Good quality wheat straw provided at half the daily forage ration for horses with low energy requirements may be beneficial for their welfare, the findings of fresh research suggest.
Anna Jansson and her fellow researchers, in a study published in the journal Animals, investigated straw as an alternative to grass-based haylage for horses.
They explored the effects of straw on the metabolic profile of horses involved in the experiment, examined their energy intake, assessed their behaviour and checked whether the diet resulted in gastric ulcers.
The researchers involved in the study at the Swedish University of Agriculture Sciences noted that many leisure horses have low energy requirements, and obesity is common.
“Straw has a low energy content and could be a forage option for these horses,” they said. “However, a previous study suggested that providing straw as the only forage was associated with an increased risk for gastric ulcers.”
Their study evaluated replacing half of the daily forage allowance with a good hygienic quality wheat straw.
Six horses from three different yards were enlisted for the study, aged 3 to 15 and weighing 220 to 570kg. Their body condition scores ranged from 5 to 8 or 9 on the 9-point scale. No owner reported any current clinical issues and there was no clinical history of colic or gastric ulceration. All had been out of training for at least 6 months before the study.
Each of the stabled horses spent three weeks on the control diet, which was grass haylage only, and three weeks on a diet comprising half grass haylage and half straw (on a dry matter basis).
All horses were evaluated on both diets.
The study team, which performed a gastroscopy on each horse before beginning the feed experiment, and after three weeks on each diet, found no effect on the prevalence of gastric ulcers, either in the upper or lower portion of the stomach.
Feed intake time was longer and daily energy intake lower on the diet that included straw, compared to haylage only.
Blood tests showed that plasma insulin levels were lower on the diet with straw compared to the haylage, which could be beneficial for horses with overweight or insulin problems.
Faecal dry matter content was not affected by diet, and no difference was detected in the number of intestinal sounds between the diets. Faecal water was also within normal ranges and did not differ between diets.
“The results suggest that good hygienic wheat straw provided at 50% of the forage ration does not cause gastric ulcers, but may prolong feeding time and promote a metabolic profile more suitable for overweight horses,” they said.
“Including straw as part of the ration, therefore, may improve welfare for horses with low energy requirements.” It could, they said, benefit overweight horses without increasing the prevalence and severity of gastric ulcers.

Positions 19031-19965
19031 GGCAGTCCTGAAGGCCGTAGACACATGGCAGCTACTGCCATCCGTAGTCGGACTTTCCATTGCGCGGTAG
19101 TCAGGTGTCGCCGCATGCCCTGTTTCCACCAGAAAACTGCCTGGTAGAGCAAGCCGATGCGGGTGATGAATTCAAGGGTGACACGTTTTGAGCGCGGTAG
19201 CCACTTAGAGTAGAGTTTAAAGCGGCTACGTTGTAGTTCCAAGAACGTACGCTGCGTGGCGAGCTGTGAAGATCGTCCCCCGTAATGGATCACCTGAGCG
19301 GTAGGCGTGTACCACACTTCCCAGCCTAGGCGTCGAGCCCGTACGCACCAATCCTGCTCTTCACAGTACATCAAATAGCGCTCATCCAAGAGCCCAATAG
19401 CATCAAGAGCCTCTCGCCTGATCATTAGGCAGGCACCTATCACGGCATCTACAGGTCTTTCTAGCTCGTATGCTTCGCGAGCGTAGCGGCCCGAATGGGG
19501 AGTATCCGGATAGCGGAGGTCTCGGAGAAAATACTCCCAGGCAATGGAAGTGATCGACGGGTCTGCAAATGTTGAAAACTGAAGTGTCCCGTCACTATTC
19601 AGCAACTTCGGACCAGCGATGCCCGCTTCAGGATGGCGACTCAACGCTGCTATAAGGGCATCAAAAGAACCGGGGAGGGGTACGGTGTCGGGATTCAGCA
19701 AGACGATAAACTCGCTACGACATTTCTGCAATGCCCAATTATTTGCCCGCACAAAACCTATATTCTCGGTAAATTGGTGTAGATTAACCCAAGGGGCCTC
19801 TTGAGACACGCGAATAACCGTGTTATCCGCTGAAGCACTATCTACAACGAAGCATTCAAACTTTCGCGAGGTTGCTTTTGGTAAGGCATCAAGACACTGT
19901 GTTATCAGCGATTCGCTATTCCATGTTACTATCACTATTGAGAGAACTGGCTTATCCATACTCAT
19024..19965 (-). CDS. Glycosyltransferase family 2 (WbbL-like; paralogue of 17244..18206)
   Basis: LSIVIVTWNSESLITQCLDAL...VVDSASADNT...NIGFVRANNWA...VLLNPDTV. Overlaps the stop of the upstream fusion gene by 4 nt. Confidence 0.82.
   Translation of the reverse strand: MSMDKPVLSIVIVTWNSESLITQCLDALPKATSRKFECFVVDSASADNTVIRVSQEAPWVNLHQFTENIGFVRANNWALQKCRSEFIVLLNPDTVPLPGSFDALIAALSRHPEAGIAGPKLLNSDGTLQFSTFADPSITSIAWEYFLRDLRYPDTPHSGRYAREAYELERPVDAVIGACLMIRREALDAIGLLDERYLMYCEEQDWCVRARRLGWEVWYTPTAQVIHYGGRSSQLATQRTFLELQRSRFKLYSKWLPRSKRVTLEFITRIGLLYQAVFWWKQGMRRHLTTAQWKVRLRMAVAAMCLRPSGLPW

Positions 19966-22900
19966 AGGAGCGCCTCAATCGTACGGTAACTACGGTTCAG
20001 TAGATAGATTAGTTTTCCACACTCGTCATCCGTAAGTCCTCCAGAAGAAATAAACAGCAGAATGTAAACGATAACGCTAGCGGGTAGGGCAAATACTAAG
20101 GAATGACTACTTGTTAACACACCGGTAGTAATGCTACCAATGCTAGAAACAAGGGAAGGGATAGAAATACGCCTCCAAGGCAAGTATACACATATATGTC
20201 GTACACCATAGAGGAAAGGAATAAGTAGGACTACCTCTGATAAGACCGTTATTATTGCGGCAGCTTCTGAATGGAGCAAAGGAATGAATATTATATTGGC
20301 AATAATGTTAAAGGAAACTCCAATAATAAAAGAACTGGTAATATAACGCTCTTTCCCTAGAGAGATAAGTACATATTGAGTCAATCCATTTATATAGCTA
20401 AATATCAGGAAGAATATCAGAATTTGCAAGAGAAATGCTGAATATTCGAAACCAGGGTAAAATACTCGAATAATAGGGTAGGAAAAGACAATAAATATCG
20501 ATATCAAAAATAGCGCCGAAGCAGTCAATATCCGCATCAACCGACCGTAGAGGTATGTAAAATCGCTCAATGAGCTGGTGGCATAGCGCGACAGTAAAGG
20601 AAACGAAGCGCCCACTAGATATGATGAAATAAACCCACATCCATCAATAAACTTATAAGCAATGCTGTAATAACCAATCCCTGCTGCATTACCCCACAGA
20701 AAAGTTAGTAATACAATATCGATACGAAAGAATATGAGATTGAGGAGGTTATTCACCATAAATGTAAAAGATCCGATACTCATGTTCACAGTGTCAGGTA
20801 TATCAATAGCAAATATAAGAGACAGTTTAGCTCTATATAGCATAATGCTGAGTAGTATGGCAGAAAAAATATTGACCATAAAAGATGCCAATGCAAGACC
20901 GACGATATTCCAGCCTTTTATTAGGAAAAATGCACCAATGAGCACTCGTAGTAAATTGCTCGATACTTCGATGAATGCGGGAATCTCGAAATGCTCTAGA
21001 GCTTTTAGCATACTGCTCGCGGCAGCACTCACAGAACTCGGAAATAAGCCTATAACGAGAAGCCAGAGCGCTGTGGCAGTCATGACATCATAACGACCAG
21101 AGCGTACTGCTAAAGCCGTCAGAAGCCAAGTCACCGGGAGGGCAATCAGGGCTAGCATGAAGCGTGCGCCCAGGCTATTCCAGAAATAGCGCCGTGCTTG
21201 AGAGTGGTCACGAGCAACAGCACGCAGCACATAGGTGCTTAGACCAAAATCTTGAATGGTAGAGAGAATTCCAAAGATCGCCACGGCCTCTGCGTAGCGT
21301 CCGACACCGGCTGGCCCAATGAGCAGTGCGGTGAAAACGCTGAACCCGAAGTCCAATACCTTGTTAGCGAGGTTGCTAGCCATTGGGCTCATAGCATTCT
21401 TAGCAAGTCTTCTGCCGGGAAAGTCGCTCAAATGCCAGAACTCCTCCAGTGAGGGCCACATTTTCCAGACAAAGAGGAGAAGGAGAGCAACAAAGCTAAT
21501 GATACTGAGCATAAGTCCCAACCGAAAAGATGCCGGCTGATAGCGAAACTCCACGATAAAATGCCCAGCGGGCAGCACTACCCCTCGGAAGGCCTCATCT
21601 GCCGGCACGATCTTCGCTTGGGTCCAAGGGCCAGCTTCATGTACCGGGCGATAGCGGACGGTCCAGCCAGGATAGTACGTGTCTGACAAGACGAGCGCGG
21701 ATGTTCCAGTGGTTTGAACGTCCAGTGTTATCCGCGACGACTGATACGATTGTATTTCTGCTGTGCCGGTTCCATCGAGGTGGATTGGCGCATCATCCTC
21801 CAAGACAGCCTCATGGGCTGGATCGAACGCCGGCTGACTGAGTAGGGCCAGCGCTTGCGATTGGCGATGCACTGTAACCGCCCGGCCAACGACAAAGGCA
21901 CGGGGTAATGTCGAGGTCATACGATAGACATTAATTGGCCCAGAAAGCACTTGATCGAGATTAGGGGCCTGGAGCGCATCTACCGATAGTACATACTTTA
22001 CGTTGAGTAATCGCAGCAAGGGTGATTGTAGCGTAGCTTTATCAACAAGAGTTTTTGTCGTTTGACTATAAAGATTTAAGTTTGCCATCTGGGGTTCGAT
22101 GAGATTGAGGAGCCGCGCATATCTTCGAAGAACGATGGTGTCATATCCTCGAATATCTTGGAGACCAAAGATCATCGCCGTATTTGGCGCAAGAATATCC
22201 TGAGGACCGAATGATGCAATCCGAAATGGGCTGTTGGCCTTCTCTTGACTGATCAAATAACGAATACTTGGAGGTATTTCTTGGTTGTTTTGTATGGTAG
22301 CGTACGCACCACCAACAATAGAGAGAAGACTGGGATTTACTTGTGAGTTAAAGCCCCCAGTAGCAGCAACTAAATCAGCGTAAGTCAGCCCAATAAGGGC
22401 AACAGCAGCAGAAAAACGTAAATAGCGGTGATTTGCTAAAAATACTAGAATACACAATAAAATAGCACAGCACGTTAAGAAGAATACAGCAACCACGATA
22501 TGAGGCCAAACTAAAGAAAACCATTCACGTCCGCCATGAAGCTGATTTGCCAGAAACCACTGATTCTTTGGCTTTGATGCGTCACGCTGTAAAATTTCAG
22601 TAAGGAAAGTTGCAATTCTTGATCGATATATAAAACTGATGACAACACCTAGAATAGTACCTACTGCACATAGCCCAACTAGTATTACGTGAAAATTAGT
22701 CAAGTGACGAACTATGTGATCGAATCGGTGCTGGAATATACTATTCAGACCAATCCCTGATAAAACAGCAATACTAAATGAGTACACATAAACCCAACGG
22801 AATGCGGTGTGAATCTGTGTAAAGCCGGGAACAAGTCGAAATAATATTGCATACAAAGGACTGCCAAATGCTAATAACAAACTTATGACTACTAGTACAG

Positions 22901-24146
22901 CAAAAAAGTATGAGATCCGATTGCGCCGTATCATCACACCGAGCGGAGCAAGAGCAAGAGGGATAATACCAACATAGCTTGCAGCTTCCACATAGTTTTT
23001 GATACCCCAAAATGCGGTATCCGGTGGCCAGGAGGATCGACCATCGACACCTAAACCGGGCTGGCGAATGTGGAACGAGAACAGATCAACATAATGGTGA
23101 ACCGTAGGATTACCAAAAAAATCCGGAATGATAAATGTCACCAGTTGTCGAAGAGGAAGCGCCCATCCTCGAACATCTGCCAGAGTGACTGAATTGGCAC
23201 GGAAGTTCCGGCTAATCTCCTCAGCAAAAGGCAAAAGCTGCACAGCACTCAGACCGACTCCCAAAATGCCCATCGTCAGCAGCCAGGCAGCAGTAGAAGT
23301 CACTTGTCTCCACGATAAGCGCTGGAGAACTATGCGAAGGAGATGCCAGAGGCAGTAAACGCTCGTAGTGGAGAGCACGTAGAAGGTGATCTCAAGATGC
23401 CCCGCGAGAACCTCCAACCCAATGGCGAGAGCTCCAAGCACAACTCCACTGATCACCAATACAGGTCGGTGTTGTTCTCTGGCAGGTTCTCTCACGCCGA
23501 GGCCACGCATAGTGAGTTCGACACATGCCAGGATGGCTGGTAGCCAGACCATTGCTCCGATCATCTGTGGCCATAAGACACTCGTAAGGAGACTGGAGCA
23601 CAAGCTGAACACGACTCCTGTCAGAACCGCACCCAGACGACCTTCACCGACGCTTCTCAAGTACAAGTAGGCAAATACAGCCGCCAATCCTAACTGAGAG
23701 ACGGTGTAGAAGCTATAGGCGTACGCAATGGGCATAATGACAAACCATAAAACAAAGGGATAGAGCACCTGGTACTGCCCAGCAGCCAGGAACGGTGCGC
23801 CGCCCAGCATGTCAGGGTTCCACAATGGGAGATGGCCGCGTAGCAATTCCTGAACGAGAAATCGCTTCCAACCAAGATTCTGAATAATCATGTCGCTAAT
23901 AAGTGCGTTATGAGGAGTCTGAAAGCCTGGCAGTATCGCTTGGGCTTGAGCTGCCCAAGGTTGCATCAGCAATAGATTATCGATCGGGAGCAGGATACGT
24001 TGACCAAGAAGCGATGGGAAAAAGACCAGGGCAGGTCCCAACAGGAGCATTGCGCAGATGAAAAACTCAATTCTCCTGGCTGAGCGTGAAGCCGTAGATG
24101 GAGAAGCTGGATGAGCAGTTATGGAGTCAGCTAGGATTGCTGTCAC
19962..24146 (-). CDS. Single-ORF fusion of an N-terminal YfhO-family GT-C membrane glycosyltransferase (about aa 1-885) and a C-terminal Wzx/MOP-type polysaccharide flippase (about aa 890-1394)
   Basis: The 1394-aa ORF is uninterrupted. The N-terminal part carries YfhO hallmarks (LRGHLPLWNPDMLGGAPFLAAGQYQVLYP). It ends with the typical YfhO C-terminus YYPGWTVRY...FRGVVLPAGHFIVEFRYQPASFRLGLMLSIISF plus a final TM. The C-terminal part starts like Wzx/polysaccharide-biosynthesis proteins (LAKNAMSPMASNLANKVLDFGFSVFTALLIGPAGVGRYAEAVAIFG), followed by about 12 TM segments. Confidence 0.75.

“In an earlier study, feeding with straw as the only/major roughage source was associated with a higher risk of gastric ulcers. One might speculate that the slower consumption rate of straw in the present study when fed at 50% of the forage ration could be a protective factor for the development of equine gastric ulcer syndrome.
“Interestingly, in the current study, the prevalence and severity of gastric ulcers actually decreased over the study period. It is possible that the transportation and initial change in the environment contributed to the formation of ulcers in some of the horses.
“However, the fact that there was no increase in gastric ulceration during the trial does suggest that both diets were supportive of gastric health.”
The authors said that one of the theoretical benefits of straw is that, if energy restriction is needed, caregivers can keep the roughage allowance high to support normal feeding behaviour, while still keeping energy intake low.
“Certainly, recent work seems to suggest that straw addition may help to promote weight loss in grazing equids. As both obesity and insulin dysregulation are risk factors for horses to develop laminitis the results of the present study suggests that replacing half of the daily forage allowance with straw may be beneficial to horse health in individuals prone to these conditions.”
They noted that the plasma insulin response was lower on the straw diet than on the grass haylage diet, which could be expected based on their water-soluble carbohydrate contents.
“Interestingly, during the evening meal, there was no significant increase at all in insulin when on the straw diet, again possibly reflecting the slower feed intake behaviour.”
They concluded: “Although this was a small short-term study it suggests that wheat straw of good hygienic quality can be included at up to 50% of the diet of forage-fed horses without any apparent increased risk of gastric ulcers. In addition, it slowed feed intake and seemed to promote a metabolic profile suitable for overweight horses.
“Straw may accordingly also be an effective component of a weight loss management programme. However, as the present study was performed using a low number of overweight horses, further studies are required to confirm this.”
The study team comprised Jansson, Sara Larsdotter Davey and Sara Ringmark, all with the Swedish University of Agricultural Sciences; Patricia Harris, with the Waltham Petcare Science Institute in England; Nanna Luthersson, with Hestedoktoren I/S; and Sveinn Ragnarsson, with Hólar University in Iceland.
Jansson, A.; Harris, P.; Davey, S.L.; Luthersson, N.; Ragnarsson, S.; Ringmark, S. Straw as an Alternative to Grass Forage in Horses—Effects on Post-Prandial Metabolic Profile, Energy Intake, Behaviour and Gastric Ulceration. Animals 2021, 11, 2197. https://doi.org/10.3390/ani11082197